My take: 3 looks

Okay, this is weird.

My sorority sister Laura just texted me about a week ago and recommended a movie: The Words. It has Bradley Cooper, Zoe Saldana, Jeremy Irons, and Dennis Quaid, among others. I watched it last night. The night before finishing this book by the pool.

The storylines turned out to be the same. The same.

How weird and serendipitous is that? Almost scary, in a cosmic way.

If I tell you any more, I will give away spoilers. However, I will say that there is a young girl trying to find the story of a woman and the author who loved her. Was she the reason for this book, which goes on to win accolades? Is there a father/son relationship that can be healed? Will her mother find happiness with anyone after the death of her father?

I admit that I didn’t give this book its fair recompense. Subjugated as a “pool book”, I put it aside only when I was by the pool. With that, it has taken me far longer to read it than others. Because of that, I had to occasionally go back and familiarize myself with situations and characters. However, I never lost sight of the overall story. With that said, I was not as deeply entrenched in the text as I could have been.

I recommend this one, along with the recommendation that you then watch “The Words”, and let me know how intrigued you are at the similarities in the premises.

Ill Will by Dan Chaon

Summary:

Two sensational unsolved crimes—one in the past, another in the present—are linked by one man’s memory and self-deception in this chilling novel of literary suspense from National Book Award finalist Dan Chaon.

My take: 3 looks

Dan Chaon’s “Await Your Reply” sits with me still. It is one of those books that I will think of every now and again for years and years to come. Because of that, I leapt at the opportunity to get an ARC of his latest from LibraryThing.

The writing style is marvelous, as we have come to expect from Chaon. Going back and forth in time, using columns on the page to present various perspectives in the same timeline and various timelines from the same person, and presenting different points of view … all of this added to the intrigue, breakdown of collected evidence, and confusion of our various characters. The book is full of unreliable narrators, wild goose chases, and misread assumptions. Like a mystery at its best, page after page of reading brings little solid fact.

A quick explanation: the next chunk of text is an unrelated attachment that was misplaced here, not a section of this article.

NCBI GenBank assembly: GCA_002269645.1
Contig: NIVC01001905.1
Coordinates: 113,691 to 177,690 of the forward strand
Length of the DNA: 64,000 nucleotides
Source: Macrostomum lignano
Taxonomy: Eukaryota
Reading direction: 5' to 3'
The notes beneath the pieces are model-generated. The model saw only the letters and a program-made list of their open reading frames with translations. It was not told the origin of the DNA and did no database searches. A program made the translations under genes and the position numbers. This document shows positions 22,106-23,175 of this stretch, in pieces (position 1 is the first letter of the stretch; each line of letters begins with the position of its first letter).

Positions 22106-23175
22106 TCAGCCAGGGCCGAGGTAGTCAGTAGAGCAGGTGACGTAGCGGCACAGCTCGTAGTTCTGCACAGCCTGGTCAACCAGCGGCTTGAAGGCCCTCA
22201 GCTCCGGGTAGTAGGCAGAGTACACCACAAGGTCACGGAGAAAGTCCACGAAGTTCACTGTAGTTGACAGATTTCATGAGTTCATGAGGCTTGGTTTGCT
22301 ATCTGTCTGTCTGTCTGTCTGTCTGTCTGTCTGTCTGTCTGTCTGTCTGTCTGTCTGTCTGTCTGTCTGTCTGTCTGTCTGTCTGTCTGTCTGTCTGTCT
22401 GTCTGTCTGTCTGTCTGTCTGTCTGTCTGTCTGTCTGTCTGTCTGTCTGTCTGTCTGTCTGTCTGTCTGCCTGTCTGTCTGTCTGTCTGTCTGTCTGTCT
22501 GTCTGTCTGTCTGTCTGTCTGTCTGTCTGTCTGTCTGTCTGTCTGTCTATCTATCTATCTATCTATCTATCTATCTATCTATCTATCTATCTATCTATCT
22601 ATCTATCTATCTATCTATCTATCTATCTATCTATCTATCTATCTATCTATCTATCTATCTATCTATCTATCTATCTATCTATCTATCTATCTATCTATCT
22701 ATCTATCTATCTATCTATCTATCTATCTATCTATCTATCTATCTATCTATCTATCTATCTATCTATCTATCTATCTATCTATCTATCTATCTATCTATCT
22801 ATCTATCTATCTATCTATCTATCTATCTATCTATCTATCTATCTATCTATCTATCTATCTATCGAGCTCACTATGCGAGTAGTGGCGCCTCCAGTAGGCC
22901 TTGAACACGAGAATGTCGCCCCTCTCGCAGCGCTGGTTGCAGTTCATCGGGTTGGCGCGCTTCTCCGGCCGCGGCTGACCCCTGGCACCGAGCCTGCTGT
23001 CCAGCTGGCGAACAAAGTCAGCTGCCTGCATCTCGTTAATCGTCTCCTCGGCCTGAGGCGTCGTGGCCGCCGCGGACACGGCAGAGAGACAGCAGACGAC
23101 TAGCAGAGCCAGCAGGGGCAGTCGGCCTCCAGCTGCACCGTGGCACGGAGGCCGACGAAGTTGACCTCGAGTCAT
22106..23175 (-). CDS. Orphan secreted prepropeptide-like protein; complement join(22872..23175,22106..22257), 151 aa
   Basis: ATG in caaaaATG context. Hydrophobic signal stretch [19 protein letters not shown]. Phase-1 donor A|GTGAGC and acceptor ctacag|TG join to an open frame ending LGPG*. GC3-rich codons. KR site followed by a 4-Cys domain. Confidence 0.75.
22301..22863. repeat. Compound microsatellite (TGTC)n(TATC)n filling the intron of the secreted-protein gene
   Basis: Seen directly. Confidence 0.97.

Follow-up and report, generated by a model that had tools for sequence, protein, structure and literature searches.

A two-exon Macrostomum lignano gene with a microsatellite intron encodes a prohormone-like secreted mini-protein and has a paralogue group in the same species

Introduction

It is so beautifully written that the ending was all the more disappointing to me. There was no explanation, no resolution, no reconciliation, no redemption. While I am sure that was part of the point, perhaps to be more like reality than a novel, I expected a more nuanced ending from an author of Chaon’s caliber. There were so many avenues left unexplored that I feel there could be a series here, although I don’t think that is the author’s intention. In all, I was left disappointed.

Not recommended.

Thanks to LibraryThing and Random House for an advance reader’s copy in exchange for my honest review.

Nutshell by Ian McEwan

Image result for nutshell ianSummary:

Trudy has betrayed her husband, John. She’s still in the marital home a dilapidated, priceless London townhouse but John’s not here. Instead, she’s with his brother, the profoundly banal Claude, and the two of them have a plan. But there is a witness to their plot: the inquisitive, nine-month old resident of Trudy’s womb. 

My take: 3 looks

Brilliant premise: the story is narrated by an unborn child. He can hear what goes on around him, as well as feeling his mother’s feelings, and noting her heart rhythm and adrenaline surges. He is also very aware of her alcohol consumption and none-too-happy with the high activity level of her sex life.

Writing: I found the wiring to be a touch verbose, overly descriptive. However, at less than 200 pages, the editor of this one was probably hesitant to cut too much.

Overall: It was a fast and easy read, albeit unexceptional. I recommend it if you need a quick “palate cleanser” to assist in getting over a book hangover. Otherwise, look past this one.

The Family Fang by Kevin Wilson

Summary:

Mr. and Mrs. Fang called it art.

Their children called it mischief.